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It’s not too late local health officials spread word about importance of getting flu shot

A health care provider prepares to deliver a vaccine. Local health officials are spreading the word about the importance of getting a flu vaccine this year and emphasize that it’s not too late to get one. Flu shots are still available at the Marquette County Health Department. (Stock photos from Pixabay)

MARQUETTE — With a recent poll by the National Opinion Research Center at the University of Chicago indicating around 37% of adults don’t plan to receive the flu shot this season, local health officials are spreading the word about the importance of getting vaccinated.

It’s critical to get vaccinated to protect yourself, your family and your community as a whole, Marquette County Health Department Interim Medical Director Dr. Kevin Piggott said, as immunized individuals are “more likely to mount an immediate immune response resulting in no illness or less severe illness,” meaning that “when fewer people are immunized, the likelihood of exposure and illness increases.”

“Receiving an influenza vaccination not only protects you, it protects others from becoming ill by reducing the likelihood of person to person transmission of the illness,” he said. “This is important, because other people may have conditions — heart disease, chronic lung disease, diabetes, pregnancy, infants, etc. — or compromised immune systems that put them at risk of a more severe illness, including death, should they be exposed to influenza. Hopefully, people will be interested in protecting others as well as themselves and get immunized. Being immunized is not only about protecting one’s self, it is about protecting our family, friends and additional people to whom we come in contact.”

While some may believe they aren’t at risk of getting sick this season because they haven’t in the past, Piggot emphasized: “with influenza, like the stock market, past history does not predict the future.”

“Simply because one has not become ill in the past with influenza is no guarantee that he/she won’t become ill with it in the future,” he said. “When a person develops influenza, the spread of the virus by that individual generally begins before symptoms (such as) fever, chills, sore throat, cough, body aches, headache and/or fatigue. So, even if an infected individual is isolated once the symptoms of influenza are recognized, the potential for having exposed others already exists.”

A line of vaccine-filled vials is pictured. Getting a flu shot can help protect yourself and your community during flu season, local health officials said.

For those who fear complications or getting the flu following the vaccine, Piggott said: “millions of doses of influenza vaccine are administered every year and have been for decades with only rare complications of significance.”

“The most common side effect of a flu shot is soreness, swelling and or redness at the injection site,” he said. “Some people may experience symptoms of fatigue, low-grade temperatures, headache, and/or body aches which can be misinterpreted as ‘the flu shot gave me the flu.’ However, neither the flu shot nor nasal spray can cause illness/infection from influenza.”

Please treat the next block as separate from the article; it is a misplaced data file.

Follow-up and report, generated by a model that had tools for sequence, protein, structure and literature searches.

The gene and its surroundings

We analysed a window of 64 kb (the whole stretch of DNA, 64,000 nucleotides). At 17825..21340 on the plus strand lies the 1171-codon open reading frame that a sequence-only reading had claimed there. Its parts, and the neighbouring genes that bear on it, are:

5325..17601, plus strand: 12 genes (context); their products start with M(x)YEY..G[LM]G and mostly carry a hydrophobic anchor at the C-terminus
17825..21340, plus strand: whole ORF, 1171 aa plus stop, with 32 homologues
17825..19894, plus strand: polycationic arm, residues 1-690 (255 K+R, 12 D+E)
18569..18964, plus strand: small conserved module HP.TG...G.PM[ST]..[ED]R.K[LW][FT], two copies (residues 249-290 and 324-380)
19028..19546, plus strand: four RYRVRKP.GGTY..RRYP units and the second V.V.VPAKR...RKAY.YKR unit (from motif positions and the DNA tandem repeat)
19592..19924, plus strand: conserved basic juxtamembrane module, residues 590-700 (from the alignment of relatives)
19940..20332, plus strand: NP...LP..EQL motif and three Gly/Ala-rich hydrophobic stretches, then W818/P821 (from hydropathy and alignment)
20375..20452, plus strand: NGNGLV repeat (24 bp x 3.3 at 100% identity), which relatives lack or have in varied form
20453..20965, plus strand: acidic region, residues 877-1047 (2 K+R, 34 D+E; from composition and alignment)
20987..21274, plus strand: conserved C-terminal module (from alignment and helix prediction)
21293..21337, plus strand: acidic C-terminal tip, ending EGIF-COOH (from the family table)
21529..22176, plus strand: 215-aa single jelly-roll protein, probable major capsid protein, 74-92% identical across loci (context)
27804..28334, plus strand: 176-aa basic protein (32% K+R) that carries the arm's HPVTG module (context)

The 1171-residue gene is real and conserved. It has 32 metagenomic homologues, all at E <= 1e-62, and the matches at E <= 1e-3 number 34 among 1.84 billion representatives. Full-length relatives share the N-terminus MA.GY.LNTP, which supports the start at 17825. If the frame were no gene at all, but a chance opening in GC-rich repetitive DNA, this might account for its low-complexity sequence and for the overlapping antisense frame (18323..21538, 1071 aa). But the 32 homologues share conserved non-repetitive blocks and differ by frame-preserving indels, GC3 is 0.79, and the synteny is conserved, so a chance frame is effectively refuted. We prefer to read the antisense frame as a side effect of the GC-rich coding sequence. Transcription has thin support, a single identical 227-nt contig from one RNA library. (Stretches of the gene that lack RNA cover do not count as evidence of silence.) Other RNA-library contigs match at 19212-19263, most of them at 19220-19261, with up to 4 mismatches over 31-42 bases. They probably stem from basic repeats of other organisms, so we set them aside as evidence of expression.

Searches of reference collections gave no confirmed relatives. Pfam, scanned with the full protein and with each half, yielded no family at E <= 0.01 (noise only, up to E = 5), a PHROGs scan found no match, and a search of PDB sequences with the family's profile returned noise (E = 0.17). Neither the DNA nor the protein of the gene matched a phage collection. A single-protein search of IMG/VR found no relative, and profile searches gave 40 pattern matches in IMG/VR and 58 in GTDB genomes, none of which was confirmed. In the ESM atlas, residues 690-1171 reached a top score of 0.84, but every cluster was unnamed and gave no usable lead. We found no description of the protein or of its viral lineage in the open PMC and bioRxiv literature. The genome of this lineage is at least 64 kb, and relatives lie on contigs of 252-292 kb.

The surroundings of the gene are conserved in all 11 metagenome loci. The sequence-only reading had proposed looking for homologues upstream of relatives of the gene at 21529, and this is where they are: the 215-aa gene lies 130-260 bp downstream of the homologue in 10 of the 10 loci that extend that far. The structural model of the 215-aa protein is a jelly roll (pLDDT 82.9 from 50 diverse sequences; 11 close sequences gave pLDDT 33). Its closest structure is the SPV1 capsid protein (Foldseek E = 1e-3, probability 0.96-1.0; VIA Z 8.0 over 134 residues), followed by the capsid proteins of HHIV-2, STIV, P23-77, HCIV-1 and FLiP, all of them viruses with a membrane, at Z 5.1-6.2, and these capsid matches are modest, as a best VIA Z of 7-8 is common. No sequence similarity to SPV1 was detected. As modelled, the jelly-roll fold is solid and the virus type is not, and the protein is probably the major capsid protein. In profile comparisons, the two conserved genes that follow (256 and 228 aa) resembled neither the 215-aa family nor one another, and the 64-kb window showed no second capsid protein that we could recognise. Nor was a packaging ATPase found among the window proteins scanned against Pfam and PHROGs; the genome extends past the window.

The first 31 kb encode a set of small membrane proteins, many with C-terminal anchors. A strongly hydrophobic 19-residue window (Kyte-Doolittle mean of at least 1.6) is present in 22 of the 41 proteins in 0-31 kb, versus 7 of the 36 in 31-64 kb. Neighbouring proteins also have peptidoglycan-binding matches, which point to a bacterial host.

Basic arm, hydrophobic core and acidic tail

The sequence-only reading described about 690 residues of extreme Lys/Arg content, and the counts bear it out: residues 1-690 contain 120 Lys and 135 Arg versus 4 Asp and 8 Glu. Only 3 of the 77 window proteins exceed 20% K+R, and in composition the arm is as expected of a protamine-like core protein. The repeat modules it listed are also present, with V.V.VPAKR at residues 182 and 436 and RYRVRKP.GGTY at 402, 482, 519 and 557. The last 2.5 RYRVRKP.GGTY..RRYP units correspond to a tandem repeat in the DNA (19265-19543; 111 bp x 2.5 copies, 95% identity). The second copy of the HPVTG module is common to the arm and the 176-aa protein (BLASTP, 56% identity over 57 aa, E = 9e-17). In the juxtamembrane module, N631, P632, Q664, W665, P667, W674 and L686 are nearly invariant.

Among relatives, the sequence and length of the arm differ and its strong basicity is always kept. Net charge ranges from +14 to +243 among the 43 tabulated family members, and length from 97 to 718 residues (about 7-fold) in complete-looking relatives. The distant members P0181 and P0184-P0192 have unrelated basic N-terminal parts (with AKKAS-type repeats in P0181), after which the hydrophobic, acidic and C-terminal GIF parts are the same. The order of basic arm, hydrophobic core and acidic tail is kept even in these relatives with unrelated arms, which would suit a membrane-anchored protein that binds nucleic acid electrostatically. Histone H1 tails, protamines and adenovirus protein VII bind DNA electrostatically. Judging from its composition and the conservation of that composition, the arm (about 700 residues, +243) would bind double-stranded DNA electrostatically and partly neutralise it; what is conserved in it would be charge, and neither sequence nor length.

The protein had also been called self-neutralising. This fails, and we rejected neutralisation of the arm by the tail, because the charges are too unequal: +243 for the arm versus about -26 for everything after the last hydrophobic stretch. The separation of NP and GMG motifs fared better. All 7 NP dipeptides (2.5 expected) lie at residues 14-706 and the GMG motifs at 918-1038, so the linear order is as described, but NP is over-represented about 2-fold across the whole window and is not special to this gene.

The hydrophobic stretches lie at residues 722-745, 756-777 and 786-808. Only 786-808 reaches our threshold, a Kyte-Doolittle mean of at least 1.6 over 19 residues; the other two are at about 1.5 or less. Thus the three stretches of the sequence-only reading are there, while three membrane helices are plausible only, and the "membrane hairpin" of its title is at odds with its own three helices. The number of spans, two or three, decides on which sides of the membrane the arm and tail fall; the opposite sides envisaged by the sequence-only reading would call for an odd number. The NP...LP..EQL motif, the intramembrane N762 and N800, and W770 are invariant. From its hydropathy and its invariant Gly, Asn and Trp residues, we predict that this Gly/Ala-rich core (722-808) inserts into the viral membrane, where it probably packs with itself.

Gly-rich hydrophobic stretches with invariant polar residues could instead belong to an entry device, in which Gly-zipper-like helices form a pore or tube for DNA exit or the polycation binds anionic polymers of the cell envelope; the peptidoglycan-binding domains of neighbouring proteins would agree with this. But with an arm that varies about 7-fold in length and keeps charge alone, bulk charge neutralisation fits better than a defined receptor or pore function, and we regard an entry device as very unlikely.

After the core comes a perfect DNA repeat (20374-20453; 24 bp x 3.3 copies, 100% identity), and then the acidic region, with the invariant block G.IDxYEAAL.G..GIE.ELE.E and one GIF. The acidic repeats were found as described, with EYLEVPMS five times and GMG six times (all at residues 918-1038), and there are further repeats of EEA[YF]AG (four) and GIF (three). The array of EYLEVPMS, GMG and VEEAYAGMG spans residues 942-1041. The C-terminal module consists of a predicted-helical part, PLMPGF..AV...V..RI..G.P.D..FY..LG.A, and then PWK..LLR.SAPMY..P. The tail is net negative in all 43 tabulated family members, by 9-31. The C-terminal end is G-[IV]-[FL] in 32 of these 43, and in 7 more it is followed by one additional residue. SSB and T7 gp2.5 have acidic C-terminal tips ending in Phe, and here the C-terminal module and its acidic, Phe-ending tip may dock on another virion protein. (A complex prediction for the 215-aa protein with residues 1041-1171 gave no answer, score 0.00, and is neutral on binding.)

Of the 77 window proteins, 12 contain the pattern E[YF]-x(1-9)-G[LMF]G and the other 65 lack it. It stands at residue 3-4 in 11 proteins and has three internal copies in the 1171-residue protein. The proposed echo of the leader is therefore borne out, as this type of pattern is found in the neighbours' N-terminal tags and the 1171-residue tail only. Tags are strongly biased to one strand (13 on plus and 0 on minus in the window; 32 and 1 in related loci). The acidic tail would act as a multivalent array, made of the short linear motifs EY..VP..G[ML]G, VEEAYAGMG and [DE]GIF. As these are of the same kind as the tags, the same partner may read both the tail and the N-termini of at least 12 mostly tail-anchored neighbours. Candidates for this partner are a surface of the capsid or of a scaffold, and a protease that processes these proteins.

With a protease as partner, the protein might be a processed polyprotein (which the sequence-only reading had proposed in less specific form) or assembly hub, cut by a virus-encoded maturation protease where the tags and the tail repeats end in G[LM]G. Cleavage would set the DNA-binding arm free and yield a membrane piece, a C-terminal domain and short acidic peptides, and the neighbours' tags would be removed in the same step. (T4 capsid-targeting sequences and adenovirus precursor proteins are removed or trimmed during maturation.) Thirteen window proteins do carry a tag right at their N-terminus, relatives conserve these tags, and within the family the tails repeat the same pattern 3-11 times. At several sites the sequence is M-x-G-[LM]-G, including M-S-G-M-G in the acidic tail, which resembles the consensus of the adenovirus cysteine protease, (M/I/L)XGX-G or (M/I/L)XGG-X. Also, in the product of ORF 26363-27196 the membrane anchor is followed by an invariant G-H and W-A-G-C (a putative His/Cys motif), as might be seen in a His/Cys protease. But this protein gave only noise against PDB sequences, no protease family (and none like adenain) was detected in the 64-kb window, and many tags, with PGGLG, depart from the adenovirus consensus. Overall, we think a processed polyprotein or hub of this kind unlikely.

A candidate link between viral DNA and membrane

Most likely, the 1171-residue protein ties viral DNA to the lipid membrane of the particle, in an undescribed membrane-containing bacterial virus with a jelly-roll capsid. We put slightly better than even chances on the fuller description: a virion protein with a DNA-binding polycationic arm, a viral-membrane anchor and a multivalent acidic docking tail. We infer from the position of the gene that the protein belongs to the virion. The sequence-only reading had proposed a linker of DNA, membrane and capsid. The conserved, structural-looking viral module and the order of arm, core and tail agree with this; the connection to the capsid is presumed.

While Piggott noted the flu shot isn’t always 100% effective — especially if the predicted pattern of strains used to create the vaccine doesn’t match the actual pattern of flu strains for the season — he likened the preventative measure to wearing a seatbelt.

“In some ways, choosing to get a flu shot is similar to choosing to wear seat belts when driving a motor vehicle. Fortunately, most of us have not been in a severe car accident,” he said. “But, relying on the fact that one has not been in a car accident to determine whether or not to wear a seat belt would be foolhardy. Unfortunately, seat belts do not always prevent a severe injury or death. Likewise, it would not be prudent to decide not to wear a seat belt based solely on the fact that it doesn’t always prevent a severe injury or death. Over and over, seat belts have been shown to reduce the likelihood of severe injury and death if and when an individual is involved in a car collision. Likewise, influenza vaccination has repeatedly been shown to reduce the complications of influenza illness including death.”

Beyond getting immunized, there are a few more things that can be done to help stop the spread of the flu virus, he said.

“Don’t forget to wash your hands regularly/frequently, eat healthy, exercise regularly, and sleep adequately,” Piggott said. “Avoid touching your face, eyes, and mouth. If you do become ill, please stay home from work, school and going out in public places. Cover your mouth and nose with a tissue, not your hand, when coughing or sneezing, then discard the tissue and wash your hands.”

While there aren’t specific numbers available for Marquette County, Michigan as a whole is rated as having “regional flu activity,” as opposed to the “widespread flu activity” reported in most other states, according to the MDHHS’s Michigan Flu Focus report.

In Michigan, influenza B is predominant over influenza A, representing 65% and 35% of cases, respectively, Piggott said.

For those who would still like to get vaccinated, Piggott said the Marquette County Health Department still has flu vaccines available and continues to administer them.

Scheduling an appointment by calling 906-475-7844 is the preferred method, but walk-ins are accommodated, Piggott said.

Cecilia Brown can be reached at 906-228-2500, ext. 248.